Ninez Ponce MPP, PhD is a professor in the UCLA Fielding School of Public Health, director of the UCLA Center for Health Policy Research, and principal investigator for the California Health Interview Survey. Her research contributes to the elimination of racial/ethnic/social disparities in health. Ponce recently served on the Board of Scientific Counselors, National Center for Health Statistics. She has served on committees for the National Academy of Sciences and the National Quality Forum, where her expertise has focused on setting guidance for health systems in the measurement and use of social determinants of health as tools to monitor health equity. In 2019, Ponce and her team received the AcademyHealth Impact award for their contributions to population health measurement to inform public policies.
Chesley Richards, MD, MPH, FACP served at the Centers for Disease Control and Prevention (CDC) from 1998 to 2020 in several roles including as deputy director for public health science and surveillance (DDPHSS). In this position, he was responsible for strengthening CDC’s science foundation by working across the Office of Science, the Office of Laboratory Science and Safety, the Center for Surveillance, Epidemiology, and Laboratory Services, and the National Center for Health Statistics. A primary focus of his role was to advance an agency-wide public health data strategy and serve as an advisor to the CDC director.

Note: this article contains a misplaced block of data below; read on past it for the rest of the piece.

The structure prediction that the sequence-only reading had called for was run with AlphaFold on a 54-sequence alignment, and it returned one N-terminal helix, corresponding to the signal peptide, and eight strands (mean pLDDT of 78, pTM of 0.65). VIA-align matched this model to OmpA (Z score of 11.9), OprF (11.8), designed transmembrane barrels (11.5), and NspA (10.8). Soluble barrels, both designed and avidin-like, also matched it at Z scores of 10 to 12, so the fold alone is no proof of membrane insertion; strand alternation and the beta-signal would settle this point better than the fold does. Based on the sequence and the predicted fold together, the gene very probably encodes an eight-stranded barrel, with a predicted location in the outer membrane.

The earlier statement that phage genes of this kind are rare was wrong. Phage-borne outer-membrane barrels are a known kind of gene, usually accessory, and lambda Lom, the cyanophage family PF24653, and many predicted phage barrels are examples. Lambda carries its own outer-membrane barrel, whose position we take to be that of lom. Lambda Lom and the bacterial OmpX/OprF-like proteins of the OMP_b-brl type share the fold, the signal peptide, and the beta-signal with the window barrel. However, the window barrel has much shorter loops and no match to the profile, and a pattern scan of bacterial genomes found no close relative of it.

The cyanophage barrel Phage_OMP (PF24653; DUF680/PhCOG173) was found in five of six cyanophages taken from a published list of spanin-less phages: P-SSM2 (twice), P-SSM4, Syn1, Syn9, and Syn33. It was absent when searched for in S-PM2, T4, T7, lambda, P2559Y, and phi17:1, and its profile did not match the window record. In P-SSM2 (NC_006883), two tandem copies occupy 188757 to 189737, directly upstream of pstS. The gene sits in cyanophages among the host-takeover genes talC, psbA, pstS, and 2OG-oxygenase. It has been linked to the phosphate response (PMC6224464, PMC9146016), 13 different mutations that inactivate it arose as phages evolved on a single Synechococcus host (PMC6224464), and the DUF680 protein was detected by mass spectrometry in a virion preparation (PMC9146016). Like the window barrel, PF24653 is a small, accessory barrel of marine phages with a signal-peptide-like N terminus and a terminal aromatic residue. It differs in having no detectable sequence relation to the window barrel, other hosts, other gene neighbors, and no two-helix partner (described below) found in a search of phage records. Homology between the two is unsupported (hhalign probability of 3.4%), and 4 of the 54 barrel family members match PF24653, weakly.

Javier Robles, JD is a faculty member and professor of the Kinesiology and Health Department and is the Director of the Center for Disability Sports, Health and Wellness at Rutgers University. He is the Chair of the New Jersey Disabilities Covid-19 Action Committee and was appointed by Gov. Murphy to the Puerto Rico commission. Robles is a Board member of the United Spinal National Board and the Vice President of the Latino Action Network of New Jersey (LAN). He is past President of Thisabled, LLC, an organization that provides support to persons with disabilities through self-empowerment and perseverance. He is the Founder of the Facebook Group, “People with Disabilities Helping Each Other Survive the Coronavirus.” Robles has written for numerous publications including, Latinos NJ, ThisAbled Nation, New Mobility. One of his poems was recently published in the book, Access Granted.
Where we live has a profound impact on how long and how well we live. Data can illuminate where some people and places are cut off from nutritious food, good schools, stable and affordable homes--and other conditions that shape health. RWJF supports multiple efforts to provide community leaders and residents with local health data, as well as data about the drivers of health at the state, county, city and census tract levels. These data resources allow communities to uncover health challenges, better target resources, and measure progress toward ensuring that everyone has a fair and just opportunity to achieve good health.